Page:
My Intertunnel compadre Gerard is a wag. I met him once. Someone asked him how to make a website pay. He said the only way he knew to make a website pay was to make it a website devoted to advice on how to make a website pay.
I looked at the Intertunnel over the weekend on someone else's laptop. I don't have a laptop. They asked me what I was doing; what are you looking at on that thing? I wasn't looking at anything, really. I was looking at everything and nothing, to see how it looked. What impression I might get from it.
People talk a lot about how the Intertunnel has upended the applecart of commerce in writing. True dat. But not in the way you might think.
I was amazed when I used another man's laptop, because I saw all sorts of stuff I never see. It was an Apple, so everything was exactly wrong and backwards, and so was easy to figure out. I had no idea all that advertising was on the webs. I never see it. I can't imagine how the average advertiser thinks they're getting any bang for their buck buying advertising by the impression.
We used the laptop to display video that was advertising. It's not sneaky. It was de facto advertising, we looked for it, and we watched it. I'm not sure it was efficacious either, as we never use the service being advertised, but we at least looked at it. It's a start. Apparently there's a Progressive Insurance ad on the page that displays the statistics for my blog. Apparently they charge someone to not show it to me, because I'd never seen it before.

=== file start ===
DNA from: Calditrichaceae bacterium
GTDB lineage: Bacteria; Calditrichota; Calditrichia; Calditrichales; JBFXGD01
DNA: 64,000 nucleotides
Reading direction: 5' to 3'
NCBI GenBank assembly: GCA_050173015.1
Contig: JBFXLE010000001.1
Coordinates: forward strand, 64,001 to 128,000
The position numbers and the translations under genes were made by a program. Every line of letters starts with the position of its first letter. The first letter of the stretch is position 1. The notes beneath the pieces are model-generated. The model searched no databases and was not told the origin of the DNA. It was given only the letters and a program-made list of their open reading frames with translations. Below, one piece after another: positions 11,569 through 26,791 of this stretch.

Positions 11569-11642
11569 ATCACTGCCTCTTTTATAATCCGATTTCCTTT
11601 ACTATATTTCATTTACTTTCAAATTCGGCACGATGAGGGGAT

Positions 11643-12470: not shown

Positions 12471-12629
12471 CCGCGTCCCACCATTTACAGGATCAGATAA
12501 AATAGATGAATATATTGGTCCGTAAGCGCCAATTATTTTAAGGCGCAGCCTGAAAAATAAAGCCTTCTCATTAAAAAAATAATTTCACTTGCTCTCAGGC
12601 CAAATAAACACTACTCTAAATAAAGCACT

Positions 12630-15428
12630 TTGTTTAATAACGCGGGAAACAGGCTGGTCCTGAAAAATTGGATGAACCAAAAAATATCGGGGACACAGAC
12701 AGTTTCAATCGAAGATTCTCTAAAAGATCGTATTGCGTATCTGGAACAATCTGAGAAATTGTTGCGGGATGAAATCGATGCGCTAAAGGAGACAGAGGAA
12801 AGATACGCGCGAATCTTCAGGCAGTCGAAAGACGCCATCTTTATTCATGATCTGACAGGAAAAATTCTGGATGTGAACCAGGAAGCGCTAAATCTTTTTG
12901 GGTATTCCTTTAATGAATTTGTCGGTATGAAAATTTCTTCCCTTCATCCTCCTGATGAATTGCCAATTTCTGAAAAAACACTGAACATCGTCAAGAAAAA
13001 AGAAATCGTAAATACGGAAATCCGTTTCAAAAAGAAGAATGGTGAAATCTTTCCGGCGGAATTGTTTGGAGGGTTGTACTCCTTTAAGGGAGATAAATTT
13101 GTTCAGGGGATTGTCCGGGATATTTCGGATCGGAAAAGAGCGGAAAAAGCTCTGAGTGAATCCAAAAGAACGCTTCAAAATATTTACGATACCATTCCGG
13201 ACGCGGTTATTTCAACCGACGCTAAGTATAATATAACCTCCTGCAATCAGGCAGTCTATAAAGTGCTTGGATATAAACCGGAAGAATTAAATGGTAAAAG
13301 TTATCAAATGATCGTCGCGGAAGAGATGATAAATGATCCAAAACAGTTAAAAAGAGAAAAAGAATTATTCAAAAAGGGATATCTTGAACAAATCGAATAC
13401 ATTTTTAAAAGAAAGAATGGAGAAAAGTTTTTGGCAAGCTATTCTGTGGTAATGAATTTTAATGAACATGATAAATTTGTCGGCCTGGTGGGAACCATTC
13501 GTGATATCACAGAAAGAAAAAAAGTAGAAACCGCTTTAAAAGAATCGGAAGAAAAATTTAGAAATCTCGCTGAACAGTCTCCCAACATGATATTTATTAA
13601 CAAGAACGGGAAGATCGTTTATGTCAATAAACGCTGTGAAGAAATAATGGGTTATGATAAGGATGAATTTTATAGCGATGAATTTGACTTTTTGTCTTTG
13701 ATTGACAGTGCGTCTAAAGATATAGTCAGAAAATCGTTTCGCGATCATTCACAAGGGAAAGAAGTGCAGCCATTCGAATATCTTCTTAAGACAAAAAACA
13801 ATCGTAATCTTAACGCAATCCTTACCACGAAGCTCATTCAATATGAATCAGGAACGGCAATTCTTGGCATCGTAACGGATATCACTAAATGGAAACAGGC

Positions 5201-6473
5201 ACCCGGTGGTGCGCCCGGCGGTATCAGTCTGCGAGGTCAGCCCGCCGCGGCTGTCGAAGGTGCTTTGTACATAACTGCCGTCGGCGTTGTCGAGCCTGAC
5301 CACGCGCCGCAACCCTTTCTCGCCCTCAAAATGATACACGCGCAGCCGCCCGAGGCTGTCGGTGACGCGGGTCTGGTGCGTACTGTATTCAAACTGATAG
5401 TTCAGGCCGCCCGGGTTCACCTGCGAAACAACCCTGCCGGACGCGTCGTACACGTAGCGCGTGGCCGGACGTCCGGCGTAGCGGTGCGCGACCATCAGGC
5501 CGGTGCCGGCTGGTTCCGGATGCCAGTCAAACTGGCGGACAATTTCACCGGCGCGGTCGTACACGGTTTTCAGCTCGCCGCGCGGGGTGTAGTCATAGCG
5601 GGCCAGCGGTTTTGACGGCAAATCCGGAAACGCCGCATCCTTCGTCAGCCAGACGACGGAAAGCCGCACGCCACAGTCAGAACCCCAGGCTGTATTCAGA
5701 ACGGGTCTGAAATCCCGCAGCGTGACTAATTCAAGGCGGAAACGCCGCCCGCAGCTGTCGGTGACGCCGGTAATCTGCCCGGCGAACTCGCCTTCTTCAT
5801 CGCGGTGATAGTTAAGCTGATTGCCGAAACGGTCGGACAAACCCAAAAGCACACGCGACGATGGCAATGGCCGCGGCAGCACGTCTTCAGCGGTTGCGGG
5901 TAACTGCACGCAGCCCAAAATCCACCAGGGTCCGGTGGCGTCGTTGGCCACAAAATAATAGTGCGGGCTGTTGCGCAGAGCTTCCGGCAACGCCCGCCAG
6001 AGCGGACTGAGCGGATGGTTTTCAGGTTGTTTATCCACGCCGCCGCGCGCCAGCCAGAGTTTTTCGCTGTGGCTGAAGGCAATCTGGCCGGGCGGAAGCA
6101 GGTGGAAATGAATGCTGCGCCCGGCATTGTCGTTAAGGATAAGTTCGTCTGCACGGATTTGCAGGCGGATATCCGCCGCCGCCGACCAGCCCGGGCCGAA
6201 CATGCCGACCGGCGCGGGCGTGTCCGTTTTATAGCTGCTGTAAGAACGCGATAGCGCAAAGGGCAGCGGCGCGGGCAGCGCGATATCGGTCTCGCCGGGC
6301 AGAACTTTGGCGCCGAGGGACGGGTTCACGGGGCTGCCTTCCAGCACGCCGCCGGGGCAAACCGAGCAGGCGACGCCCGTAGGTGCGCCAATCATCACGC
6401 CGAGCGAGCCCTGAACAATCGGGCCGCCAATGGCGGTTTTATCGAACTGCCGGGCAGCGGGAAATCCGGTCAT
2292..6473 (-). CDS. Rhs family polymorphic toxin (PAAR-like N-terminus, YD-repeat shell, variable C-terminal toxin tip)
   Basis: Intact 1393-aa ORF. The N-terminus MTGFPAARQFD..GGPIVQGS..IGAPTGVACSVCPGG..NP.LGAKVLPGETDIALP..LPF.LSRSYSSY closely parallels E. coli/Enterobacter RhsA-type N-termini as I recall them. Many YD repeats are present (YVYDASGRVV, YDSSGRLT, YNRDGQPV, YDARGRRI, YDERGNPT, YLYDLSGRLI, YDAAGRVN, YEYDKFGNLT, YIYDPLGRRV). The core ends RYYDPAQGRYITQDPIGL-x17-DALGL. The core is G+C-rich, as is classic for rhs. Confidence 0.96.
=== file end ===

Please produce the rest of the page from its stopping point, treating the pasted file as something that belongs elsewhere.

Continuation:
It's all broken except it works somehow. I don't see any starlets missing any meals even though every kid with a computer knows how to steal movies. They've still got more than cornflakes and peanut butter in the company lunchroom at the New York Times, I imagine.
One of the mistakes being made by everyone is thinking that there is any kind of line between news and entertainment. I don't read any newspapers because I can't find out anything useful from them, and they are deuced poor entertainment. They remind me of watching a Health Class short film warning you about Polio. The topic is irrelevant and so the information is useless and so all that's left is the entertainment value in it. If you're a hipster doofus you can make a website devoted to how wry watching pointless stuff is, but that's about the sum of the entertainment you can get out of it.
It's not fun to collect and distribute real information. It's hard work, but you can charge for it. Dun and Bradstreet collects all sorts of real, hard information about companies. If you read their gathered information about those companies, you could make real, hard decisions about how you might interact with those companies, as a investor or a consumer or a competitor. And if you want D & B to tell you what they know, they'd like $139, right now, up front, no fooling.
Amuse yourself on the Internet. There's nothing else to do here but howl gigantic curses into the ether, or post pictures of your cat. If you think your content is worth money, charge for it and reap the tumbleweeds or the treasure. But for god sakes, stop whining.